The employment cycle is a human resources term concerning the stages of an employee's working life. There is a predictable pattern of employee behavior over time that tracks the rise, peak and decline of the employee’s productivity. Employers call it the work deficiency syndrome, or WEDS. From an employee’s perspective, the predictable pattern relates to the life cycle of job satisfaction and is commonly called job stagnation.
Ira S. Wolfe, author and lecturer on human resources management, describes his theory of the employment cycle as beginning with the “Motivated But Not Yet Competent” phase. This is when the employee is first hired. The employee begins with a high level of enthusiasm, full of good intentions, eager to learn and looking forward to feeling confident in his job. This phase usually lasts approximately 90 days.
The second stage of the employment cycle is called the “Motivated and Competent” stage. This is where the employee has become skilled in the performance of his job. This is where the employee reaches the peak of his productivity and where the employer reaps the maximum return on her investment in the employee. There is no hard and fast rule as to how long this stage continues. The higher the employee is in the company hierarchy, the longer Stage 2 continues. To prolong this stage, employers can be proactive in motivating employees with recognition and rewards for good work. A program of career development with promotion opportunities is also essential.
The third stage is called the “Demotivated But Competent” stage and can last from months to years. The employee’s productivity levels off or declines as she loses the motivation to take initiative. This is commonly called “presenteeism,” where the employee is present but with little or no enthusiasm for her work. The employee shows up for the paycheck or because she needs the benefits. Wolfe claims that presenteeism costs employers billions more per year than absenteeism, because a Stage 3 employee is a drag on morale and overall efficiency. From an employee’s perspective, this stage is the result of career stagnation and mundanity. If an employee is not learning new things, she becomes bored; if there is no opportunity for growth, she becomes discouraged.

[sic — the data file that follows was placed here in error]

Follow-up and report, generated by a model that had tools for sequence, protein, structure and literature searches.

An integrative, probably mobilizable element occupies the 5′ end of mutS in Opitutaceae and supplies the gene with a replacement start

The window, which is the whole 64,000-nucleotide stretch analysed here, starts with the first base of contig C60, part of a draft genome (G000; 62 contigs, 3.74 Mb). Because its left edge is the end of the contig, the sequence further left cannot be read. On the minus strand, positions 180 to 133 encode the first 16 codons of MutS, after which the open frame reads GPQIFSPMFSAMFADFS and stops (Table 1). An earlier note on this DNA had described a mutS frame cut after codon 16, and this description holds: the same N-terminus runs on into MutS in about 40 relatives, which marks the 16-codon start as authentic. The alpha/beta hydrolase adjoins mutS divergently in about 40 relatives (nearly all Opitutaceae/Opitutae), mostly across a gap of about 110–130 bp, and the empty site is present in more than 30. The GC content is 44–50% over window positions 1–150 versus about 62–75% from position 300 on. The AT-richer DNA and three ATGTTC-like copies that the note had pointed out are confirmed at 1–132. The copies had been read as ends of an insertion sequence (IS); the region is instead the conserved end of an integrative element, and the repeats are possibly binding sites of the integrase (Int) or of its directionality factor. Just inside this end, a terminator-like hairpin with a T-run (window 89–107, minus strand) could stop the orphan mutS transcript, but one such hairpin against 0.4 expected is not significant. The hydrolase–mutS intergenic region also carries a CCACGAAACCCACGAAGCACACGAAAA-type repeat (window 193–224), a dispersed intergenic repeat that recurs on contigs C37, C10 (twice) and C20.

According to Wolfe, the real danger to the company is not losing the experienced, long-term Stage 3 employee but keeping him because he is on the slippery slope to Stage 4, the “Demotivated And No Longer Competent” stage. In this stage, the employee no longer cares about the quality of his work and he can often be heard complaining about management. Wolfe goes on to say that there is a growing trend suggesting that an increasing number of employees jump directly from Stage 1 to Stage 4. The endpoint of the cycle is, of course, termination.
Some human resources professionals view the employment cycle as starting earlier, during job design and recruitment, and others have a more truncated view consisting of three phases: the “Adjustment,” “Comfort” and “Discomfort” phases.
Lisa Dorward was a corporate financial executive and business consultant for more than 15 years before becoming a writer in 2003. She has B.A. degrees in both history and creative writing and earned her M.F.A. in creative writing in 2008, specializing in novel-length historical fiction.